Toward the end their cemetary was the "contested region," after they had little by little lost much ground, and they trembled for their dead; the enemy had advanced to its very border; they watched and they killed at close quarters over the sleeping warriors so hastily put to rest. If the Chinese had reached this cemetery, and had scaled the last frail trenches of sand and gravel in sacks made of old curtains, then for all who were left there would have been horrible torture to the sound of music and laughter, horrible dismemberment---nails torn off, feet torn off, disemboweling, and finally the head carried through the streets at the end of a pole. They were attacked from all sides and in every possible manner, often at the most unexpected hours of the night. It usually began with cries and the sudden noise of trumpets and tom-toms; around them thousands of howling men would appear---one must have heard the howlings of the Chinese to imagine what their voices are; their very timber chills your soul. Gongs outside the walls added to the tumult. Occasionally, from a suddenly opened hole in a neighboring house, a pole twenty or thirty feet long, ablaze at the end with oakum and petroleum, emerged slowly and silently, like a thing out of a dream. This was applied to the roofs in the hope of setting them on fire. They were also attacked from below; they heard dull sounds in the earth, and understood that they were being undermined, that their executioners might spring up from the ground at any moment; so that it became necessary, at any risk, to attempt to establish countermines to prevent this subterranean peril. One day, toward noon, two terrible detonations, which brought on a regular tornado of plaster and dust, shook the French Legation, half burying under rubbish the lieutenant in command of the defenses and several of his marines. But this was not all; all but two succeeded in getting clear of the stones and ashes that covered them to the shoulders, but two brave sailors never appeared again. And so the struggle continued, desperately, and under conditions more and more frightful. And still the gentle stranger remained, when she might so easily have taken shelter elsewhere---at the English Legation, for instance, where most of the ministers with their families had found refuge; the balls did not penetrate to them; they were at the center of the quarter defended by a few handfuls of brave soldiers, and could there feel a certain security so long as the barricades held out. But no, she remained and continued in her admirable role at that blazing point, the French Legation---a point which was the key, the cornerstone of the European quadrangle, whose capture would bring about general disaster. One time they saw with their field-glasses the posting of an imperial edict commanding that the fire against foreigners cease. (What they did not see was that the men who put up the notices were attacked by the crowd with knives.) Yet a certain lull, a sort of armistice, did follow; the attacks became less violent. They saw that incendiaries were everywhere abroad; they heard fusillades, cannonades, and prolonged cries among the Chinese; entire districts were in flames; they were killing one another; their fury was fermenting as in a pandemonium, and they were suffocated, stifled with the smell of corpses. Spies came occasionally with information to sell---always false and contradictory---in regard to the relief expedition, which amid ever-increasing anxiety was hourly expected. "It is here, it is there, it is advancing," or, "It has been defeated and is retreating," were the announcements, yet it persisted in not appearing. What, then, was Europe doing? Had they been abandoned? They continued, almost without hope, to defend themselves in their restricted quarters. Each day,they felt that Chinese torture and death were closing in upon them. They began to lack for the essentials of life. It was necessary to economize in everything, particularly in ammunition; they were growing savage---when they captured any Boxers, instead of shooting them they broke their skulls with a revolver. One day their ears, sharpened for all outside noises, distinguished a continued deep, heavy cannonade beyond the great black ramparts whose battlements were visible in the distance, and which inclosed them in a Dantesque circle; Peking was being bombarded! It could only be by the armies of Europe come to their assistance. Yet one last fear troubled their joy. Would not a supreme attack against them be attempted, an effort be made to destroy them before the allied troops could enter? As a matter of fact they were furiously attacked, and this last day, the day of their deliverance, cost the life of one of our officers, Captain Labrousse, who went to join the Austrian commander in the glorious little cemetery of the Legation. But they kept up their resistance, until all at once not a Chinese head was visible on the barricades of the enemy; all was empty and silent in the devastation about them; the Boxers were flying and the Allies were entering the city!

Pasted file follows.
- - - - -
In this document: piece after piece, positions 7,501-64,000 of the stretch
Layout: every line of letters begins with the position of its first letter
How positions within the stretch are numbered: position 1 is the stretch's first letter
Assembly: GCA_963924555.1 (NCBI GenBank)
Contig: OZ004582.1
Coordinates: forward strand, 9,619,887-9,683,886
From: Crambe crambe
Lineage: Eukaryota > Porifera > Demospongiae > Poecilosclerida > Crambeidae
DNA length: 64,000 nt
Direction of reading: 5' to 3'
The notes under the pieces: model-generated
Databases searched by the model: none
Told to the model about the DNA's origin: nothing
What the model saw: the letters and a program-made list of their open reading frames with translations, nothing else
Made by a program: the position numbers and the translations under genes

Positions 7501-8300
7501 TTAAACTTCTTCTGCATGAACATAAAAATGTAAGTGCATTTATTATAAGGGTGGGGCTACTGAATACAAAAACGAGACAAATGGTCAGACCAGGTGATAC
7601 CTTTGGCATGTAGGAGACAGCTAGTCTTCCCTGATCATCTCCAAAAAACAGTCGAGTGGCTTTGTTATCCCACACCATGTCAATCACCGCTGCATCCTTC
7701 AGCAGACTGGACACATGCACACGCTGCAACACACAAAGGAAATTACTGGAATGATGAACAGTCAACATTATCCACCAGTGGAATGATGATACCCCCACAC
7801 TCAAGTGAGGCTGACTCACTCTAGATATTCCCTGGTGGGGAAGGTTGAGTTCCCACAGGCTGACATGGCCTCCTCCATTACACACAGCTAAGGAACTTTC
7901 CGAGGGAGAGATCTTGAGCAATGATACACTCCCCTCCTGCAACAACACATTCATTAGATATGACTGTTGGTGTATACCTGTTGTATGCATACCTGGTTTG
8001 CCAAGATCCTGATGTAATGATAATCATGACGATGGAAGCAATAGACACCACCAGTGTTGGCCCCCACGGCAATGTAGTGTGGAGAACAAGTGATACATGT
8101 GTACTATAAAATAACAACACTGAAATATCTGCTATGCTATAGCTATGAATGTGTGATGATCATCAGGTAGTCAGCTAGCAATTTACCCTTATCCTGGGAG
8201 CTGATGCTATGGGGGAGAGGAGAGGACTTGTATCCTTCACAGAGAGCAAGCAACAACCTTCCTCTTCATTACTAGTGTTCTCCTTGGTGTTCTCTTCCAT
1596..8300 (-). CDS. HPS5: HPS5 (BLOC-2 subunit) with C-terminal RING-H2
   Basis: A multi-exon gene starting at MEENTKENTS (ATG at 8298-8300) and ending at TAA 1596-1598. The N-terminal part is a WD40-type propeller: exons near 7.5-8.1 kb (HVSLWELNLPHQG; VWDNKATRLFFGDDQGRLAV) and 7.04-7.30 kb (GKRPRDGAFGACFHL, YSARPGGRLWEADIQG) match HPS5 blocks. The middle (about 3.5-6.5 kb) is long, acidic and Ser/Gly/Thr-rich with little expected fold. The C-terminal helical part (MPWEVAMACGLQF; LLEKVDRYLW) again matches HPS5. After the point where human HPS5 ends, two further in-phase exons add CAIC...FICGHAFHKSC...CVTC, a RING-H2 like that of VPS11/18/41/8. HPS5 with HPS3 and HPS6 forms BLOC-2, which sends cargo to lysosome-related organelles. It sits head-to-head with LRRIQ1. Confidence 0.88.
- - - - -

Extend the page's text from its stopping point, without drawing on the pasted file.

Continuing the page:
Source:

From: Eva March Tappan, ed., The World's Story: A History of the World in Story, Song and Art, (Boston: Houghton Mifflin, 1914), Vol. I: China, Japan, and the Islands of the Pacific, pp. 249-256.

Scanned by Jerome S. Arkenberg, Cal. State Fullerton. The text has been modernized by Prof. Arkenberg.